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Elevating Native Student Success and Empowering Tribal Education Sovereignty: Recent and Future Work with the Northwest Tribal Educators Alliance

By By Shannon Davidson, Elijah Moreno, and Mandy Smoker Broaddus | November 19, 2018

Shannon Davidson
Shannon Davidson is a senior advisor at Education Northwest. She works on research, evaluation, and technical support projects throughout the region, with special interests in postsecondary readiness and social and emotional learning.

With the authorization of the 1972 Indian Education Act, Northwest Indian educators recognized the importance of addressing the culturally related academic needs of Indian students in the region.

To this end, they have partnered with REL Northwest on various key initiatives, including a Native Education Advisory Board, a reading series, professional development for teachers, and a variety of initiatives based on Indian education research and best practices.

Over the years, this work has led to REL Northwest being actively engaged with the Affiliated Tribes of Northwest Indians (ATNI), which represents 57 tribes.

Since 2015, members of ATNI’s Education Committee and REL Northwest have been working together to increase awareness of effective, data-driven strategies and programs for serving American Indian/Alaska Native students.

Elijah Moreno
Elijah Moreno is an advisor at Education Northwest. He provides quantitative data analysis support to various REL Northwest research projects, including those that support Native education.

Specifically, the groups have collaborated through a partnership known as the Northwest Tribal Educators Alliance (NW TEA), which also includes leaders from American Indian/Alaska Native education and community-based organizations throughout the region.

The alliance’s long-term goal is to use culturally relevant data and evidence to promote academic, social and emotional, and community success among Native students—who are legally positioned in a unique place in the U.S. education system.

Along those lines, the federal government has an overarching responsibility to advance the success, interests, and well-being of Native people, which is enshrined in various treaties and other agreements between tribes and the federal government.

Marking a Milestone

Mandy Smoker Broaddus
Mandy Smoker Broaddus is a practice expert in Indian education at Education Northwest. She has over 15 years of experience working toward social justice, equity, inclusivity, and cultural responsiveness, particularly in the realm of American Indian education.

This year, ATNI and REL Northwest signed a memorandum of agreement (MOA) that will update the structure of NW TEA and advance its work.

Most importantly, the MOA demonstrates both organizations’ commitment to leveraging the strengths within Indian Country and using research-based approaches to improve the systems that serve Native students.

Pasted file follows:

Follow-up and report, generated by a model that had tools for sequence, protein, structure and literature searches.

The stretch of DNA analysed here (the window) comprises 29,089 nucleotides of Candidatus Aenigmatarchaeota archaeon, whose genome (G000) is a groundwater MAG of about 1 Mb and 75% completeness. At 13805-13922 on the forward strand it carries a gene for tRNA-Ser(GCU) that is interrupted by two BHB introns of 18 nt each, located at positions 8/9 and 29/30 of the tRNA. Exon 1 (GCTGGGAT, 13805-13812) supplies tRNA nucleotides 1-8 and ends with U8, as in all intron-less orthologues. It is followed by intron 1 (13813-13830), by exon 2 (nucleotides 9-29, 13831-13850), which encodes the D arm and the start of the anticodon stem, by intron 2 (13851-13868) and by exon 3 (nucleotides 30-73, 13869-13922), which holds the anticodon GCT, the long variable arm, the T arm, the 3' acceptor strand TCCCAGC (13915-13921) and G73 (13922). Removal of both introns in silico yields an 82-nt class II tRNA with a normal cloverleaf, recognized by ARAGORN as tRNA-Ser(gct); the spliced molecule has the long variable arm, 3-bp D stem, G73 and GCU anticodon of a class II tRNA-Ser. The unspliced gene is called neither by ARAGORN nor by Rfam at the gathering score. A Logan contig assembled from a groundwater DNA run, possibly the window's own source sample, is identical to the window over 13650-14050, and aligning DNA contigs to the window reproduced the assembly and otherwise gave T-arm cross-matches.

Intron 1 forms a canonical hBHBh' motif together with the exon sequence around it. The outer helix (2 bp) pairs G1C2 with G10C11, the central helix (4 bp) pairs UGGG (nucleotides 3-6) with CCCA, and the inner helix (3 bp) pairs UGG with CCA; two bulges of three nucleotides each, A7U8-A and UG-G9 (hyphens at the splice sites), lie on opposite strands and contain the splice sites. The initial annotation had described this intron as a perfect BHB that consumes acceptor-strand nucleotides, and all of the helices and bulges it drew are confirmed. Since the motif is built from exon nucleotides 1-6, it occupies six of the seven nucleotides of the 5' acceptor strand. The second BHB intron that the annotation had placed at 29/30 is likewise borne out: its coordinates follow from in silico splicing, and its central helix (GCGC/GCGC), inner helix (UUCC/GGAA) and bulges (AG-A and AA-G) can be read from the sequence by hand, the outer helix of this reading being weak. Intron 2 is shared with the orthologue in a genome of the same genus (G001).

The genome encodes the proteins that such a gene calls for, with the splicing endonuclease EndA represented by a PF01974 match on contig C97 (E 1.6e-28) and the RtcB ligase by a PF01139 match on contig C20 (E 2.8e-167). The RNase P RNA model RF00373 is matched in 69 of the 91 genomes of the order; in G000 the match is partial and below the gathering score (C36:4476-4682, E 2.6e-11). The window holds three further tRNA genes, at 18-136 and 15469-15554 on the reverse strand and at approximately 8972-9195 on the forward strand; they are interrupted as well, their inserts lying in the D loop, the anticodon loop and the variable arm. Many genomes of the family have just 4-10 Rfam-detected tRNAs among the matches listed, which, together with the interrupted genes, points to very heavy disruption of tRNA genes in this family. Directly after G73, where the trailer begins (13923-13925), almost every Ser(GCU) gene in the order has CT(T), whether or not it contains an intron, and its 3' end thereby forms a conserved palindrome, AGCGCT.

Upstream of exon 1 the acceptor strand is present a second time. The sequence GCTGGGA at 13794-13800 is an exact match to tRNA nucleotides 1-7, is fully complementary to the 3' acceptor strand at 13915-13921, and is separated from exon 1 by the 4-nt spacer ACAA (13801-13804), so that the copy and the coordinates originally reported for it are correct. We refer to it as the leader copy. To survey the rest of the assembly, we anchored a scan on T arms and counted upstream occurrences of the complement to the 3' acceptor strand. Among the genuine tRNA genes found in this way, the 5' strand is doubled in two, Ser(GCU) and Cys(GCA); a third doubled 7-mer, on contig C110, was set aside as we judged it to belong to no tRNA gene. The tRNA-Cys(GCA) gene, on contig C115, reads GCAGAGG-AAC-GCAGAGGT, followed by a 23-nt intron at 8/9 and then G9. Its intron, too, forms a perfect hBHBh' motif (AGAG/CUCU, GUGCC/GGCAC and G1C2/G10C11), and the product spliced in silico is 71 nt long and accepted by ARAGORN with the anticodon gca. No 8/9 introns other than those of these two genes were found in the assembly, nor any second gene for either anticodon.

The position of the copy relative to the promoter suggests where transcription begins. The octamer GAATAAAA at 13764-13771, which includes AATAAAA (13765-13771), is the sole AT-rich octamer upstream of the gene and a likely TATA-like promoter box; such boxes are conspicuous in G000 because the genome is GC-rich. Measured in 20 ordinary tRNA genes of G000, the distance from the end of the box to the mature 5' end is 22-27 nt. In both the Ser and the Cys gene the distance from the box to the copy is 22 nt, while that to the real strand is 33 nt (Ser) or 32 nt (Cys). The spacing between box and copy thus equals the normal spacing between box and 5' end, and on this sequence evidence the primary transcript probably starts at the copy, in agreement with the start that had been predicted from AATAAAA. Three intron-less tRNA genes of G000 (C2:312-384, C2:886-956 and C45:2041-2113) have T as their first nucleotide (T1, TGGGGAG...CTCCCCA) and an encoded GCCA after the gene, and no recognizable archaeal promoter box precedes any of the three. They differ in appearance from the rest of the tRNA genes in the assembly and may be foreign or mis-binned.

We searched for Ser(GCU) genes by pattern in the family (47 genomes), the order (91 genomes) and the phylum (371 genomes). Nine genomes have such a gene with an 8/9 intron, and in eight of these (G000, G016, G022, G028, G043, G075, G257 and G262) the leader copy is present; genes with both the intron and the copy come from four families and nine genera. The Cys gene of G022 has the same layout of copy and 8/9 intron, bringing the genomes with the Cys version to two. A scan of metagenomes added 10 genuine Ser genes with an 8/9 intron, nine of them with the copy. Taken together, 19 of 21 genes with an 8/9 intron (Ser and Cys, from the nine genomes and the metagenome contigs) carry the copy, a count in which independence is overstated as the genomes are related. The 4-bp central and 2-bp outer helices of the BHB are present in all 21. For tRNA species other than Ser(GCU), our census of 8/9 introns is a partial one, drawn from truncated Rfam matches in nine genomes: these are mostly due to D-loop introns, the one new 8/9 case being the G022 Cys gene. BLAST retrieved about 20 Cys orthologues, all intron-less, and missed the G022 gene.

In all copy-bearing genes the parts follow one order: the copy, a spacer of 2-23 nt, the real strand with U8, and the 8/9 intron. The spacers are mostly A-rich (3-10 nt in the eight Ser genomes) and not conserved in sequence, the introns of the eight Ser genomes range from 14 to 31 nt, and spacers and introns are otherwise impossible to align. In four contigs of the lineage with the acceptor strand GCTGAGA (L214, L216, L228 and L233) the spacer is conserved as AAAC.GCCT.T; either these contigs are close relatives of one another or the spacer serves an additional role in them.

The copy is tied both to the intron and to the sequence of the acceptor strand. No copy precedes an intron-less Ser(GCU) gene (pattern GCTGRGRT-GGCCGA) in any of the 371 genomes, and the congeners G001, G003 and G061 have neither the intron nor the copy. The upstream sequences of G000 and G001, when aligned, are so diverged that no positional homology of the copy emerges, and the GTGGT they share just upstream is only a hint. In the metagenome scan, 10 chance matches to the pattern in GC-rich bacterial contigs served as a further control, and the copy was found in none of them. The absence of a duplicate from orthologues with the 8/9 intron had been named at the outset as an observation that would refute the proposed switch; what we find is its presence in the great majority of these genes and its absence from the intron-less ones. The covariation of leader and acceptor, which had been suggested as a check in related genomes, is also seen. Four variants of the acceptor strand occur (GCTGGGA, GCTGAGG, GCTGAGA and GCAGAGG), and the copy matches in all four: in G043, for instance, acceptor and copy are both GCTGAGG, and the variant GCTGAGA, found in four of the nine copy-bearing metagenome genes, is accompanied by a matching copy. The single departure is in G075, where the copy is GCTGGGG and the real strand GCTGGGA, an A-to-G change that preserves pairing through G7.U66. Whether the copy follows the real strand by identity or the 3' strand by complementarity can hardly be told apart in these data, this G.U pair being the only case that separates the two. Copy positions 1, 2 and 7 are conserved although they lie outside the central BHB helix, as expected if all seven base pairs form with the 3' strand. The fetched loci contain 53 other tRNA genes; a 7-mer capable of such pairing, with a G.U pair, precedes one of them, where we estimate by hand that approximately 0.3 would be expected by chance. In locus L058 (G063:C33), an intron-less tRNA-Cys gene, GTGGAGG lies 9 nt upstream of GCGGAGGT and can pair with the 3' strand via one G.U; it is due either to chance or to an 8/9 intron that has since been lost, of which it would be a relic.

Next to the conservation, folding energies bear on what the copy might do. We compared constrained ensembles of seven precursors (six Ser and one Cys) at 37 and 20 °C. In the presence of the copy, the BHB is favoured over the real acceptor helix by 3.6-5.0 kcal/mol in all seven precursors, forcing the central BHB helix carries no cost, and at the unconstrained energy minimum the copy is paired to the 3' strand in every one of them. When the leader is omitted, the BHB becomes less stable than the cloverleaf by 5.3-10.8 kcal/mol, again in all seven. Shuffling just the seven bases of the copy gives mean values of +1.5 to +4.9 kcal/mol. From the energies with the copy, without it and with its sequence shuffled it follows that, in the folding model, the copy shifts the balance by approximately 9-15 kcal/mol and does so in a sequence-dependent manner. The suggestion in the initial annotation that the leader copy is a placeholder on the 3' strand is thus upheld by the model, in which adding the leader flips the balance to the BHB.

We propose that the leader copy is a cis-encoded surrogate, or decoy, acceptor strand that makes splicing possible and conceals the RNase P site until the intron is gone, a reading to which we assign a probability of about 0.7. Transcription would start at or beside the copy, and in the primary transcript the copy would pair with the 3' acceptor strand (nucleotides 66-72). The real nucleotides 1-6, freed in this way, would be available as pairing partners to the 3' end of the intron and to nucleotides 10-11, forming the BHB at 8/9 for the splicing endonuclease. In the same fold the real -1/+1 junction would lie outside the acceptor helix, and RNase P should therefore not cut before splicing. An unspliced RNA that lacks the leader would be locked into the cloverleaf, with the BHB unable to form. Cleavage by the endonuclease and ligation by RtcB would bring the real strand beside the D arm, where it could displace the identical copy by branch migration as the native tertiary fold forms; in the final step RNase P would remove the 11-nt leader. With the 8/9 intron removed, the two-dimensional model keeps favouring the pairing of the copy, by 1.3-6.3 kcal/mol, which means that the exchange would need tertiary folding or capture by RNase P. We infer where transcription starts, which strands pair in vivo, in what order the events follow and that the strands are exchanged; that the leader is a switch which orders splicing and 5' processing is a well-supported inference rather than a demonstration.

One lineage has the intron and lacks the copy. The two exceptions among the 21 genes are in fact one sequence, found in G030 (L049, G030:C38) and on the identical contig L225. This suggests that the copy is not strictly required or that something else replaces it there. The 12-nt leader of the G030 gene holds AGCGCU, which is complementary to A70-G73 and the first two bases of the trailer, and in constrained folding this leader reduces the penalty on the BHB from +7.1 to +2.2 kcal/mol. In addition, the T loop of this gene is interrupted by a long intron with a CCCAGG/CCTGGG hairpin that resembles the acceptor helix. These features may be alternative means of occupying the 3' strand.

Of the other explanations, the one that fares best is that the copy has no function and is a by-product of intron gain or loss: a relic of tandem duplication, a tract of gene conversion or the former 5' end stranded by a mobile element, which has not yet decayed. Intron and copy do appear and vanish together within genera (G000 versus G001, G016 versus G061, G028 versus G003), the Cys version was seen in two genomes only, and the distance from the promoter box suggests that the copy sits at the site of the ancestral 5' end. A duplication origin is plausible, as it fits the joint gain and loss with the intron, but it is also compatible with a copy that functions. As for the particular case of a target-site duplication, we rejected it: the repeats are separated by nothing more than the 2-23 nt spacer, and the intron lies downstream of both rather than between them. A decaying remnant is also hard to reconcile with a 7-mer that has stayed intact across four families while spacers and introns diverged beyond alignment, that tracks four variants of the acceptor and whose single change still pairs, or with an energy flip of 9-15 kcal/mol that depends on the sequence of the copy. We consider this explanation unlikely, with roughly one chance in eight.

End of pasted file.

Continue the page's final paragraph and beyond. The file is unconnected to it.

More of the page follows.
Specifically, the agreement recognizes that each organization offers unique expertise and skill sets, and it emphasizes that ATNI and REL Northwest can learn from each other; the MOA calls for reciprocal and simultaneous capacity building, direct engagement, and a from-the-ground-up (rather than a hierarchical) approach.

In doing so, the agreement demonstrates respect for tribal rights and tribal sovereignty, as well as commitment and accountability, making NW TEA a true partnership.

Focusing on Accurate Identification of Native Students

By valuing and leveraging each other’s strengths, ATNI and REL Northwest are building a stronger foundation for future alliance work, which will lead to greater sustainability and projects that are more responsive for stakeholders across Indian Country.

Recent REL Northwest partnership work focused on accurate identification of Native students, which has advanced the mission of NW TEA. Accurate identification and record keeping in schools are critical for ensuring the federal trust responsibility and treaty obligations are fulfilled, programs designed to meet the needs of Native students are appropriately funded, and the performance of programs meant to serve American Indian/Alaska Native students can be reliably tracked.

This work has helped NW TEA continue conversations with educators at the preschool, elementary, secondary, and postsecondary levels, with the aim of implementing and/or updating crucial policies and programs.

Going Forward

The most recent NW TEA meeting in September demonstrated the partners’ excitement to gather and share the multiple and varying voices, perspectives, and experiences represented in the alliance.

In addition, at the convening, partners began to collaboratively draft content for a resource that can be shared and used by stakeholders at various levels of the education system to reflect on and revise current Native student identification practices.

Everyone is eager to work together toward common objectives that will benefit American Indian students, communities, and tribes, and we are excited to build on the energy and commitment of all involved parties.

Looking ahead, topics of interest to NW TEA members include research or training on trauma-informed practices, supports for tribal education sovereignty, and various areas related to Native language, including Native language preservation and supports for American Indian/Alaska Native English learner students.

REL Northwest looks forward to exploring all these topics with NW TEA members and improving its engagement in Indian Country. We also invite other stakeholders involved in Indian education throughout our region to help us build on this work.